Happy Poetry Friday!
One of the poets I went to see at the Dodge Poetry Festival earlier this month was Rachel Hadas. She is called a neo-formalist. During the craft-talk, Hadas had some interesting things to say about the value of form in modern poetry.
I loved this one (aimed at classrooms, I'm sure): don't encourage students to discuss what "the poet was trying to say." He or she has said it.
Hadas said that we can't know a poet's intentions. It's probably better to talk about what the poem is doing and how -- the tools the poet uses that allow us to read a poem and say, "This is how the poem feels to me. This is what it means to me."
She used this wonderful simile: poetry is like a blank check. The reader fills in his own connections to some extent. Hadas' well known poem "The Red Hat" is a great example of this idea.
After reading this poem to us, Hadas said the experience described in "The Red Hat" "is something that every parent and child negotiate all over the world."
The Red Hat
by Rachel Hadas
It started before Christmas. Now our son
officially walks to school alone.
Semi-alone, it's accurate to say;
I or his father track him on the way.
He walks up on the east side of West End,
we on the west side. Glances can extend
(and do) across the street; not eye contact.
Already ties are feeling and not fact.
Straus Park is where these parallel paths part;
he goes alone from there. The watcher's heart
stretches, elastic in its love and fear,
toward him as we see him disappear ...
You can view the entire poem, read by both Laurie Wessely and Roy Bumiller for National Poetry Month, on YouTube: http://www.youtube.com/watch?v=tRJmNWeFBSQ
As Hadas pointed out, even poems that are rooted in specific experience will "float free" of their occasion and speak to a larger truth.
Have a wonderful Poetry Friday. In Maryland, we're putting on our red (and purple and blue) hats. It's getting cold! Andi at A Wrung Sponge is on poetry-post round-up duty today. Check out her blog for more poems.
Ah, this is one of my new favorite poems. With children teetering on the knife edge of adolescence, I want to follow and watch but need to learn to let go. Poems like this help me not feel alone. Thank you for sharing it and for sharing the words of Rachel Hadas too. I love her "blank check" analogy. A.
Hi, Amy. This poem was used for an AP exam, so there are analyses of it all over the web. That fascinates me, because it describes such a simple moment -- but one with ramifications about families and their changing dynamics.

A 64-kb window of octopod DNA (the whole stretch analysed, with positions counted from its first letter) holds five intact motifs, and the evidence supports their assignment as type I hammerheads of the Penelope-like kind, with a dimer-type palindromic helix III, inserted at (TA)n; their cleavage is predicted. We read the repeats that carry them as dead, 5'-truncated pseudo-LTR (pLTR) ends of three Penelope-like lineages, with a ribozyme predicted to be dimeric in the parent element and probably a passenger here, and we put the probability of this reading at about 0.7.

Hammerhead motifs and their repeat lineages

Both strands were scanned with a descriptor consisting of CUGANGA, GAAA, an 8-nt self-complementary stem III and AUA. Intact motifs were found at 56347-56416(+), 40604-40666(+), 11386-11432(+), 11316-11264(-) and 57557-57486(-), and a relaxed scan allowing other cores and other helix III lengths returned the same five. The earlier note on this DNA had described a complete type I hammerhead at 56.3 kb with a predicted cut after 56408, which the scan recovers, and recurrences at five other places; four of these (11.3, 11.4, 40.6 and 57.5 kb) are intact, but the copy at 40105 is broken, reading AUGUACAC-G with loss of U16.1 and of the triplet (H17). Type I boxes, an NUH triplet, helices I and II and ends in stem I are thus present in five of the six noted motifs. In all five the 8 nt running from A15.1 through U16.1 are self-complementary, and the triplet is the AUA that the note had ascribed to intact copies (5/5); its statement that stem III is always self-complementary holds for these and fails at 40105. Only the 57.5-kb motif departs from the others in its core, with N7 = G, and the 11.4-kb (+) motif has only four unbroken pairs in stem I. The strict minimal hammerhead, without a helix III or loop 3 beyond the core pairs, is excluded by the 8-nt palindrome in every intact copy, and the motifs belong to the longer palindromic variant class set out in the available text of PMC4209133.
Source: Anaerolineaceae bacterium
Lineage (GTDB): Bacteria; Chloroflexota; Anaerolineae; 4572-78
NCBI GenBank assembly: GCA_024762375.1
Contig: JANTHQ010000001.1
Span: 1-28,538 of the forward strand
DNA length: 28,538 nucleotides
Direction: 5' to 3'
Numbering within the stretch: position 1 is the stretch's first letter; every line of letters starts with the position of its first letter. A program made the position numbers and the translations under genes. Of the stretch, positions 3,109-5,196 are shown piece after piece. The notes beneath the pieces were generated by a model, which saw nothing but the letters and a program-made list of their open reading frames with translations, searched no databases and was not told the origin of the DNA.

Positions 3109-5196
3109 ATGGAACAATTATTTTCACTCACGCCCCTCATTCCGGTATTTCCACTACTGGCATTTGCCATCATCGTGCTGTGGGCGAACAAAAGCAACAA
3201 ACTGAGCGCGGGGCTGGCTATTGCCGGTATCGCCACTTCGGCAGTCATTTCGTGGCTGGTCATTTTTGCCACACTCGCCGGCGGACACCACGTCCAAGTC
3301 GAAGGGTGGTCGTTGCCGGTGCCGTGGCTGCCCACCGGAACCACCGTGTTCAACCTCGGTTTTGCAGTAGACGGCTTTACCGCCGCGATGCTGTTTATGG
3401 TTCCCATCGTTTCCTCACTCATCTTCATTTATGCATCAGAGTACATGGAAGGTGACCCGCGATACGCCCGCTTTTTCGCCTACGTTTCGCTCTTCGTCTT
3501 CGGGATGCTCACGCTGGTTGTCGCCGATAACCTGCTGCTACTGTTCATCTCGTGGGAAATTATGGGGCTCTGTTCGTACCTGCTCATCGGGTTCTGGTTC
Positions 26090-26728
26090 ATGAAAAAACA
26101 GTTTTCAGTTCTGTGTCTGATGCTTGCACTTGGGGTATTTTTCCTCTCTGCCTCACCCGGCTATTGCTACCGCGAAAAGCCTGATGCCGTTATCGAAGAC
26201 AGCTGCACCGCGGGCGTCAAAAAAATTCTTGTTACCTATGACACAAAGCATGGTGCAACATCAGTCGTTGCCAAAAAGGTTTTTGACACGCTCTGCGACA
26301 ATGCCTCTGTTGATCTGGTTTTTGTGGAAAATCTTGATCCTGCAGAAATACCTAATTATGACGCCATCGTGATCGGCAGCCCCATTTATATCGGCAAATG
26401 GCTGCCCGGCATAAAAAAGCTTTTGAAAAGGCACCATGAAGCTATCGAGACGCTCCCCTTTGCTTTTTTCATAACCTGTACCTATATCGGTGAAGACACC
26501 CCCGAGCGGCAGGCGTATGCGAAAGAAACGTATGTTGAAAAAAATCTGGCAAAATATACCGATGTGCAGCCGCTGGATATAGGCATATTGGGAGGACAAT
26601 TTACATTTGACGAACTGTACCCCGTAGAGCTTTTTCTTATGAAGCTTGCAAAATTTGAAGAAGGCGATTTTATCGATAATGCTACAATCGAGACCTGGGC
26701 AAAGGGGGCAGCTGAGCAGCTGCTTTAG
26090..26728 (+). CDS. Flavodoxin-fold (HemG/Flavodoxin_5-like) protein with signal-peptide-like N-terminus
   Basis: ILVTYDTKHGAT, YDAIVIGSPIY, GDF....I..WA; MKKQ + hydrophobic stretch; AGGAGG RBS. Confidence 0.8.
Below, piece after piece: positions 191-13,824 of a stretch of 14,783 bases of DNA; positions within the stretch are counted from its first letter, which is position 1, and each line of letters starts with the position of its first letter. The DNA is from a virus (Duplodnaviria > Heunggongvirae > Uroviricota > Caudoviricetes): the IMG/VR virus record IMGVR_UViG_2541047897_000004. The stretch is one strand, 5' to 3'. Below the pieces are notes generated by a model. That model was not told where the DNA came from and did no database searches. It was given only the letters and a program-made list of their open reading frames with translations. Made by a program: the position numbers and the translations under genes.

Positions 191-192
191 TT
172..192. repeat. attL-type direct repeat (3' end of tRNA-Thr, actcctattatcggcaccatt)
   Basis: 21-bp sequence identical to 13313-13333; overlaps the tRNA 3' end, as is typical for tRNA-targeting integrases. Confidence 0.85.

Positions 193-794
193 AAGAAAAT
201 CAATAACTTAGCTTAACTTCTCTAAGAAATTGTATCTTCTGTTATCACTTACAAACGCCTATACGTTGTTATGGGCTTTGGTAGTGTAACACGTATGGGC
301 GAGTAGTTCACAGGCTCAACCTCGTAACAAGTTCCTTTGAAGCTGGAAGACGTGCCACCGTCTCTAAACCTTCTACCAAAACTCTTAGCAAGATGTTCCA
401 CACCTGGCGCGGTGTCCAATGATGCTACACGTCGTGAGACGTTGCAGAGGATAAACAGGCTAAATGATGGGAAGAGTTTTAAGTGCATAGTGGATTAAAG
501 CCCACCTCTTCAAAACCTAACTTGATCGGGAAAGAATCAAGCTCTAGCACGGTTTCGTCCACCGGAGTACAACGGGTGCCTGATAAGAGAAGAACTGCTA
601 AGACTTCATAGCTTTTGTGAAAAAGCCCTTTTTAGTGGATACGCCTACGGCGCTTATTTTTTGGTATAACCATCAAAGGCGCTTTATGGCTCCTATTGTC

Laura, wish I would be seeing you in Minneapolis, where I just got in. Am meeting a friend who's in her first year at Macalester -- she'll show me around -- in 15 minutes, then I'll head over to the Holiday Inn gang where we'll be thinking of you.
What a powerful image that red hat is at the beginning and end of the poem! At least it is at the beginning of the YouTube reading, and hits me hard. Thanks for sharing this.
Jeananne -- me too. I'm sad not to be meeting everyone :-( This is such a busy time of year for my family.
Andi -- I agree. That red hat could be any type of hat, but I imagine a bulky knitted one, something that looks home-made.
Her approach to poetry sounds similar to the one John Ciardi talked about in his book "How does a Poem Mean."
I'll have to look for that book, Elaine. I wonder how this approach plays out with younger readers like the elementary schoolers I work with.
I like what Rachal Hadas says about poems floating free of their occasion. If a poem does that, then it's a very good poem. Fight the urge to "tidy up" a poem - that's something I tell myself, but it's hard to achieve.
I liked that too, Toby, the idea of a poem speaking to larger truths than whatever event inspired its making.
Tidying up can make or break a poem -- too much can unravel the thread. Not enough and the poem can feel cluttered or dip into sentimentality. "The Red Hat" never crosses that line.
Interesting that both this poem and a Kay Ryan poem someone else shared talk about the stretchiness of life!
I completely love what she says about analysis. When I talk with teachers, my biggest emphasis is to get kids to react, respond to a poem. To see what THEY think of it, not what they think the poet thought about.
Thanks for sharing this!
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